Tribal oil and gas company seeks new directors

James Fenton
The offices of Navajo Nation Oil and Gas Co. are pictured on March 17 along Arizona State Route 264 in St. Michaels, Ariz.

FARMINGTON — Despite an outstanding $37.5 million bank loan and collapsed crude oil and natural gas prices on the commodities market, the Navajo Nation Oil and Gas Co. is still in good standing, a tribal energy company official said earlier this month.

Lennard Eltsosie, NNOGC board chairman, said in a phone interview that the tribal energy company will take care of its loan obligations as soon as it can.

"The price of crude oil andn gas does not help the NNOGC, but it's (a) global (situation), so we're just hoping that it goes back up sometime," Eltsosie said. "As for now, we're weathering the tides of crude oil and where it's at, business continues."

Eltsosie, who has served on the St. Michaels, Ariz.-based company's board for six years, said that the company's "weathering" strategy is to pay off its "borrowing base."

"We will pay the loan back," he said. "Certainly crude oil will not be in the $20 and $30 (ranges) forever. I believe there will be a rebound."

In January, tribal Council delegates tabled an emergency bill requesting $4.9 million in supplemental funding from the tribe’s Undesignated Unreserved Fund Balance for the company after it defaulted on a $6.25 million loan payment to Wells Fargo Bank at the end of last year.

Eltsosie said the company still has yet to secure a loan from the council.

Despite the commodities downturn, he said the company's assets were secure and NNOGC had not laid off any of its roughly 100 workers.

The tribal enterprise, established in 1998 as a federally chartered Section 17 corporation under the Indian Reorganization Act, NNOGC owns and operates oil and natural gas interests, primarily in the San Juan Basin and the Greater Aneth, Tohonadla and Desert Creek fields in southeast Utah.

On March 16, NNOGC announced that it is seeking candidates to fill three open seats on the company's seven-director board.

The three open seats would ultimately replace "hold-over" directors, including Eltsosie, Diandra Benally and Young Jeff Tom. They are hold-overs because they have served in the positions beyond their terms.

Pursuant to NNOGC’s bylaws, the Navajo Nation Corporation Code, and corporation law , once board directors' terms have expired, they "hold-over" until validly replaced or removed, or they have resigned, according to company officials.

On Feb. 12, Tom, who is also a former Navajo Nation Council delegate, pleaded guilty to conspiracy to commit bribery in official and political matters in connection to a case of misusing discretionary fund money intended to help tribal members in financial trouble.

Eltsosie said Tom was still an acting board director but declined to comment further.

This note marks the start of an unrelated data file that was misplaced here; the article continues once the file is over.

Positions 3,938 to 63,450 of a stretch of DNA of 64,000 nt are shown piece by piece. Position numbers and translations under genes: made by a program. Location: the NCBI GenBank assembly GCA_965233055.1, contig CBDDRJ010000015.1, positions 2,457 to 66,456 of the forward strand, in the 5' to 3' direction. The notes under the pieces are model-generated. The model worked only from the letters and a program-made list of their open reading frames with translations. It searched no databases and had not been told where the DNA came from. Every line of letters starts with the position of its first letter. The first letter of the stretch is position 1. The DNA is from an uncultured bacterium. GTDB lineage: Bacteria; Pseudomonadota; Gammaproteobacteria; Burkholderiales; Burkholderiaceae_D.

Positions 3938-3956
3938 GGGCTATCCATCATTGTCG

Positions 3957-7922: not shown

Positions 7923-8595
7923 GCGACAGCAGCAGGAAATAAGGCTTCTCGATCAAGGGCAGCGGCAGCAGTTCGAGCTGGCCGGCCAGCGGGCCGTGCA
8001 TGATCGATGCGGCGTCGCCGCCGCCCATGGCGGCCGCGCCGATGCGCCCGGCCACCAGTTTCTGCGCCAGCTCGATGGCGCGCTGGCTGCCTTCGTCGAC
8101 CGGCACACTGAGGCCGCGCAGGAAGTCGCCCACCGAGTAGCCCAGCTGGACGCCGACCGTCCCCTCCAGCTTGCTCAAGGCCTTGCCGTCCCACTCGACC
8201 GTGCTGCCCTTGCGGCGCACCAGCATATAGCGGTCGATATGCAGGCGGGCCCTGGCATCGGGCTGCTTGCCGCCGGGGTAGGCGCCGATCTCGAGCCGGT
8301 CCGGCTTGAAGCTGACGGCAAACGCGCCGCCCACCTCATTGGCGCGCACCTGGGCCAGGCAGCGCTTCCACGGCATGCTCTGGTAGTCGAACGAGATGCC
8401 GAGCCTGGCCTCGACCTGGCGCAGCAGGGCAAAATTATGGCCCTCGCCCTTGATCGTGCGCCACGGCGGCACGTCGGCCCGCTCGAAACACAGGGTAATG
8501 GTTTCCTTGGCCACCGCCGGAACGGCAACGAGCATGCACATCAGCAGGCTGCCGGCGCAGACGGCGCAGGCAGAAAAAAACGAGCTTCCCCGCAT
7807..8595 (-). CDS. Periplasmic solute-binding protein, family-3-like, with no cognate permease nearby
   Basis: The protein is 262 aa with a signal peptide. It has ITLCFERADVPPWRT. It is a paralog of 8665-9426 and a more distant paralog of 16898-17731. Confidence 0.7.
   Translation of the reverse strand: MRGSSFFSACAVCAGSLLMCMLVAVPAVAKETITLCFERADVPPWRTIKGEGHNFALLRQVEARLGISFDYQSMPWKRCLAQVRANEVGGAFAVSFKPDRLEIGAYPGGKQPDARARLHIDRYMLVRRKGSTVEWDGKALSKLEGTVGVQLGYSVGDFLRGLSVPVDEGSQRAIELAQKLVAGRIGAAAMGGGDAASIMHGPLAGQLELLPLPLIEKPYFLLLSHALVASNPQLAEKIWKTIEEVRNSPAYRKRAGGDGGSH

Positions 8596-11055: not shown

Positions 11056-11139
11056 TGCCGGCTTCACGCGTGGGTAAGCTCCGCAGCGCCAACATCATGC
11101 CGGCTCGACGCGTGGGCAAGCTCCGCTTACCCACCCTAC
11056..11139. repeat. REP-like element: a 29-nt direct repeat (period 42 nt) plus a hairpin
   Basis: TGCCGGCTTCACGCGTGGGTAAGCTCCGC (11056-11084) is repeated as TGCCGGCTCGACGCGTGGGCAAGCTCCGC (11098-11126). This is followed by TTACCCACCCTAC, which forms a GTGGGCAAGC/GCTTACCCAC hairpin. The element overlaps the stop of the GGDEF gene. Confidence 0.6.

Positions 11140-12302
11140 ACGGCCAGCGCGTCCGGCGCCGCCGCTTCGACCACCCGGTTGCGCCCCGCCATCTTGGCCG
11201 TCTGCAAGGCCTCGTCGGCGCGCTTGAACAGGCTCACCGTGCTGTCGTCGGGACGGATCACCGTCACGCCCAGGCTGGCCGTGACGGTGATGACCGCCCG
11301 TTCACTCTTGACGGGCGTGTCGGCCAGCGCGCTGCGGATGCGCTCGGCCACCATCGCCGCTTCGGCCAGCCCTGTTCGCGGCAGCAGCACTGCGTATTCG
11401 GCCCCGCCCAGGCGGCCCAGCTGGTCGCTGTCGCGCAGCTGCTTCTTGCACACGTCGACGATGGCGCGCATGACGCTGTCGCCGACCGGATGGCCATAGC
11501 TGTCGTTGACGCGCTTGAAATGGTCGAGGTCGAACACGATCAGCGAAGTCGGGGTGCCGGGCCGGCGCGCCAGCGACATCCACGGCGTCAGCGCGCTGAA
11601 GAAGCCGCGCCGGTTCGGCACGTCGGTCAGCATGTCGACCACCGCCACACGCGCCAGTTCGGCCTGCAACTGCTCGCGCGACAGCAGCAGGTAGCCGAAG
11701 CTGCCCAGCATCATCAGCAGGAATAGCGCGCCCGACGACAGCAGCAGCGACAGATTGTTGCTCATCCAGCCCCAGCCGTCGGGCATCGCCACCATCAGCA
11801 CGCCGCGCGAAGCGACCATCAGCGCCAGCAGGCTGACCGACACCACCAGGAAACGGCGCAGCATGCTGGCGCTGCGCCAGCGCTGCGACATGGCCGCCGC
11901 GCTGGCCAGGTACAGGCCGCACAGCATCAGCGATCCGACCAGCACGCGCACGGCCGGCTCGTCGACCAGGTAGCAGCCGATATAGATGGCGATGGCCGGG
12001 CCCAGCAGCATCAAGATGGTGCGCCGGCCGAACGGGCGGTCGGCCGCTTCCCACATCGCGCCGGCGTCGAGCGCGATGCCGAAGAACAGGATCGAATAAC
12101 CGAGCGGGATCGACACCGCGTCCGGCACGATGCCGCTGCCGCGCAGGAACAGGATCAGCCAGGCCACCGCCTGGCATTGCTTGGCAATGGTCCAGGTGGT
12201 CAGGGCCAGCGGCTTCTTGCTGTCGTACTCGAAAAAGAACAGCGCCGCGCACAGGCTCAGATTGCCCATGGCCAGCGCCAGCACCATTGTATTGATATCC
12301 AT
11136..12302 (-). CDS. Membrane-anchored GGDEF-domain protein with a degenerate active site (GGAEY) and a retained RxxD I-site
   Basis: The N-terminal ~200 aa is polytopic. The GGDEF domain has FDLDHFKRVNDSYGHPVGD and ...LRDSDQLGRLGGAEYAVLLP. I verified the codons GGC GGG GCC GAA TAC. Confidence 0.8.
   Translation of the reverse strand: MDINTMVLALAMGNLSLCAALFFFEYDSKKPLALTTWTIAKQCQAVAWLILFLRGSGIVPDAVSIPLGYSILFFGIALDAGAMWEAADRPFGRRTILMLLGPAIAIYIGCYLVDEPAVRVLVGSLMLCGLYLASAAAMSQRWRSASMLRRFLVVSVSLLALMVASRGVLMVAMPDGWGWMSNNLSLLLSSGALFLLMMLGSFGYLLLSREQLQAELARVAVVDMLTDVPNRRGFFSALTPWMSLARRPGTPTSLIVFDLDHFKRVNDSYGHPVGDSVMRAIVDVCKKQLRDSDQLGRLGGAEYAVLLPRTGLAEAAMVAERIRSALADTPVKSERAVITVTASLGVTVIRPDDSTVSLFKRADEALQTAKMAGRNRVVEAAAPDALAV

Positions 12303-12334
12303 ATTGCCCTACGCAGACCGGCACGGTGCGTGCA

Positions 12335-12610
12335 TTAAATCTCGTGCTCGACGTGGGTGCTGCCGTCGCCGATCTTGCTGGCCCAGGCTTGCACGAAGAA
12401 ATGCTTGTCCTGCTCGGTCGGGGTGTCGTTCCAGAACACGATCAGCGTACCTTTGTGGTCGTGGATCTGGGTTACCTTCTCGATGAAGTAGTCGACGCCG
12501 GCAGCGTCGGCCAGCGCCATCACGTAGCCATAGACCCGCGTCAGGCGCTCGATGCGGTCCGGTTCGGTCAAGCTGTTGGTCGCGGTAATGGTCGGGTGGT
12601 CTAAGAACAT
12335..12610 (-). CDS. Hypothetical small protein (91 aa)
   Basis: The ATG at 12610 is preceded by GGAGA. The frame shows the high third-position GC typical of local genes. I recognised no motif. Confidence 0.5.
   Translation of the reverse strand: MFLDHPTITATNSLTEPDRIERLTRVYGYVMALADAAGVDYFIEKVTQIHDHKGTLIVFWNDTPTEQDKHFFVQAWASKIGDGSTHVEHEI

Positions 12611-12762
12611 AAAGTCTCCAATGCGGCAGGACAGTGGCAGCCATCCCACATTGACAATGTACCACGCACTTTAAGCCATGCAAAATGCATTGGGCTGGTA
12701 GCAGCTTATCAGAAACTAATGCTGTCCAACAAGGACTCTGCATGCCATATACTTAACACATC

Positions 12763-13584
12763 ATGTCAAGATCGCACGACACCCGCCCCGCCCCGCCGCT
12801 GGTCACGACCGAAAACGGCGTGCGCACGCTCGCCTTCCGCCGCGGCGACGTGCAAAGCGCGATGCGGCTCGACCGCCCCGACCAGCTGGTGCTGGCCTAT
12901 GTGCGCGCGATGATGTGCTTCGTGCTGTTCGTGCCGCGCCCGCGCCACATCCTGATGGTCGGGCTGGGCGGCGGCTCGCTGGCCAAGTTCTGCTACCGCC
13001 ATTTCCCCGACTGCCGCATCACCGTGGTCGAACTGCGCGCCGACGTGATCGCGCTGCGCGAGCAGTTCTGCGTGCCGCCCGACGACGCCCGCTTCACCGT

People interested in the open positions can apply until May 16, according to a press release from the oil and gas company.

Candidates must be enrolled members of the Navajo Nation, have "substantial" knowledge of the oil and gas industry, hold at least a bachelor's degree and consent to a background check. They also should have expertise in business areas, including corporate finance, accounting, economics, law, business management, engineering and geology.

The job openings announcement follows the introduction of a "rigorous new nominations process," according to a February 3 press release. The new requirements are detailed in NNOGC's Restated Federal Charter,

In that release, the company announced that it had seated four new directors — former NNOGC CEO Wilson Groen, Philip Winner, Janna Blanter and former tribal Division of Economic Development Director Albert Damon Jr.

According to the Restated Charter guidelines, the Nominations Committee is charged with recruiting, interviewing, screening and nominating all new directors who must be confirmed by the company’s five shareholder representatives. The new charter was ratified by the Navajo Nation Council last year.

Board director Benally, who is also Nominations Committee chairwoman, said in the release that the new hires echo the intent of the Restated Charter.

“We are excited to welcome four new directors who meet and exceed the company’s new requirements,” Benally said in the release. “Collectively, the new Board of Directors possess decades of experience leading and advising oil and gas companies as well as specialized expertise that will be invaluable to NNOGC.”

People interested in applying to become a member of the board can send a letter of interest, résumé, list of three professional references, a completed and signed background consent form with proof of Navajo Nation enrollment and conflict-of-interest disclosure form by 4 p.m., May 16. Send submissions to NNOGC Attn: Nominations Committee, PO Box 4439, Window Rock, Ariz. 86515. For more information, call Dianne Nakai at 928-871-4880.

James Fenton is the business editor of The Daily Times. He can be reached at 505-564-4621.